This week's highlights The best performers over the week were iShares MSCI Taiwan ETF (ITW) up 2.1% and UBS IQ MSCI Asia APREX 50 Ethical ETF (UBP) up 2%. The worst performers were dominated by miners, physical commodities and property. ETFS Physical Palladium ETF (ETPMPD) and BetaShares Global Gold Miners ETF (Hedged) (MNRS) were both down 4.7%. The SPDR S&P/ASX 200 Listed Property Fund (SLF) and VanEck Vectors Australian Property ETF (MVA) were both down -4.2%. Over twelve months ETFS Physical Palladium ETF (ETPMPD) remains the best performer with a return of 48.9%. ETFs tracking Morningstar’s moat focused index methodologies have also performed well. VanEck Vectors Morningstar Wide Moat ETF (MOAT) has returned 29.7% and ETFS Morningstar Global Technology ETF (TECH) is up 29.1%. The market saw inflows of $116 Million over the week and outflows of $98 Million. The best flows for the week were seen by Australian based ETF offerings including, VanEck Vectors Australian Equal Weight ETF (MVW), BetaShares Australian High Interest Cash ETF (AAA) and BetaShares Australian Investment Grade Corporate Bond ETF (CRED). The biggest outflows were across BetaShares U.S. Dollar ETF (USD) and ETFS Physical Gold (GOLD). Looking closer at weekly, year to date and 12 month turnover. Australian focused strategies STW, VAS and AAA hold the top three rankings.
Apr 30, 2019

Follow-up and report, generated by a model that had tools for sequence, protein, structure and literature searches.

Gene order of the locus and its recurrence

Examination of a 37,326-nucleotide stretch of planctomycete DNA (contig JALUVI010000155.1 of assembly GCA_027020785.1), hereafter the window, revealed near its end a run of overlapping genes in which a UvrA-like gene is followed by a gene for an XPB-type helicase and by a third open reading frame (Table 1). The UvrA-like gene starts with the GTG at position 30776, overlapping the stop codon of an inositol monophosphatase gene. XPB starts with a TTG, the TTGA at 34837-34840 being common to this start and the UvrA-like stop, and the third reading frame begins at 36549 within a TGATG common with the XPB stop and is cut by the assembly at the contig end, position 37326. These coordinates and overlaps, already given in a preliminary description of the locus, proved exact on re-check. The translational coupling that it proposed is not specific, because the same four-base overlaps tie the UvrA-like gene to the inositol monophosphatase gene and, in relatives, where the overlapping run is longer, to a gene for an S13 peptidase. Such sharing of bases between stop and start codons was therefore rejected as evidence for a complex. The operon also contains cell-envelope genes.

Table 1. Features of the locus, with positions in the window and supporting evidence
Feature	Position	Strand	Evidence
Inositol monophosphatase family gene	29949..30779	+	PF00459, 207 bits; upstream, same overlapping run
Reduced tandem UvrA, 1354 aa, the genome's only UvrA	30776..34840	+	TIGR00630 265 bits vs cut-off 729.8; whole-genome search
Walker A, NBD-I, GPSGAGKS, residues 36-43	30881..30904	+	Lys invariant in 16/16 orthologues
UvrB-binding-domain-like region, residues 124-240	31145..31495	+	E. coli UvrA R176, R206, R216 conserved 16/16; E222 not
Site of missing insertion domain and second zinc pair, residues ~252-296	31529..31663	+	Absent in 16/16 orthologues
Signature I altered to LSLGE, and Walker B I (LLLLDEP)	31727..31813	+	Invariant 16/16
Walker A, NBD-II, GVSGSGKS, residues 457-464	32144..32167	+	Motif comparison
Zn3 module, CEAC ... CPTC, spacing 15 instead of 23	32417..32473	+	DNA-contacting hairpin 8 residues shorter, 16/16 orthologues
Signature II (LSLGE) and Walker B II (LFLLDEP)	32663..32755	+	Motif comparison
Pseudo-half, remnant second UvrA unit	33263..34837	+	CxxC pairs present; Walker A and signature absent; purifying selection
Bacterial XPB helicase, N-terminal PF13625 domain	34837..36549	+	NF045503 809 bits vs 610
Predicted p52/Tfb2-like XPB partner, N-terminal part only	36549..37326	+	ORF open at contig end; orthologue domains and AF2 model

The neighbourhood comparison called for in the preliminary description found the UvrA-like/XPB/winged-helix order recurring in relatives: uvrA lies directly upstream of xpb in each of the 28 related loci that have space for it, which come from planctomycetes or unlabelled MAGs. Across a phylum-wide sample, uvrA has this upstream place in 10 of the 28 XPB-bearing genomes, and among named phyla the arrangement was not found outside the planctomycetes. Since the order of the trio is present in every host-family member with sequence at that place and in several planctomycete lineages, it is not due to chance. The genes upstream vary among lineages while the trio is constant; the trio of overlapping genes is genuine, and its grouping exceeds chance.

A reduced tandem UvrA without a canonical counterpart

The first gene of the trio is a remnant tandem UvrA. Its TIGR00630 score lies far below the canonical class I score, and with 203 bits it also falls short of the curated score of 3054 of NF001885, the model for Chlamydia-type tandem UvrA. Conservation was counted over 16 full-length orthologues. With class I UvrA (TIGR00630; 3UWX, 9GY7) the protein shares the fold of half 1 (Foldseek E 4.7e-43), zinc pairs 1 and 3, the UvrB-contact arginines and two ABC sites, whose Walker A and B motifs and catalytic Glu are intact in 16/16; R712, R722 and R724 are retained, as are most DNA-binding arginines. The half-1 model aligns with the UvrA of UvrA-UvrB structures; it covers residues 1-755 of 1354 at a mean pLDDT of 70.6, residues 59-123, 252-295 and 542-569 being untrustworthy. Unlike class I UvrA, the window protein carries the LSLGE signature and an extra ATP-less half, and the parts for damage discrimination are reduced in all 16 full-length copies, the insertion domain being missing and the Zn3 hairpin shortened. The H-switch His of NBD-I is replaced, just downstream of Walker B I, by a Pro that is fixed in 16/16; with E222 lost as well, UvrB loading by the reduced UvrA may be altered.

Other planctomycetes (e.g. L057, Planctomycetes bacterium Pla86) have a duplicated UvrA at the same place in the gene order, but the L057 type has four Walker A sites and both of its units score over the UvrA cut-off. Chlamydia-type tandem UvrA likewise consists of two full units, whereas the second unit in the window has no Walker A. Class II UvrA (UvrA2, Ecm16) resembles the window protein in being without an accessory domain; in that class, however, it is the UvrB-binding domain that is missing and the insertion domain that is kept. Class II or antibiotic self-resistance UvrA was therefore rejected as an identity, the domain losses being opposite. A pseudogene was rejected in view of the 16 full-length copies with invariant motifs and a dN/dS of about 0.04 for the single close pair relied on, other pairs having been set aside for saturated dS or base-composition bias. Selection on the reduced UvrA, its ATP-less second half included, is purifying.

This week's highlights Equity markets rose last week on strong U.S. corporate earnings, particularly across technology, communication and consumer sectors. BetaShares Global Cybersecurity ETF (HACK) was the top performing fund for the week and ETFS Morningstar Global Technology ETF (TECH) was also amongst the top performers. Healthcare and biotechnology funds (IXJ, CURE and DRUG) also performed well. China ETFs (CNEW and CETF) declined as economic stimulus expectations receded. Precious metals all rose last week, with ETFS Physical Palladium ETF (ETPMPD) up 4.2%, while the broader commodity universe (QCB) fell. The US dollar rose amongst most majors, including a 1.5% gain against the Aussie. Total flows into domestically domiciled ETFs were $108m for the week, while outflows totalled $93m. The biggest inflows were into Australian fixed-income funds including BOND, IAF and AAA. Despite inflows into IOZ, S&P/ASX 200 (and similar) funds saw net outflows of close to $40m. STW and BOND were the most traded funds last week. ETFS Morningstar Global Technology ETF (TECH) has posted a strong 26.9% total return since the start of 2019, and is now close to 10% above its previous highs in September 2018.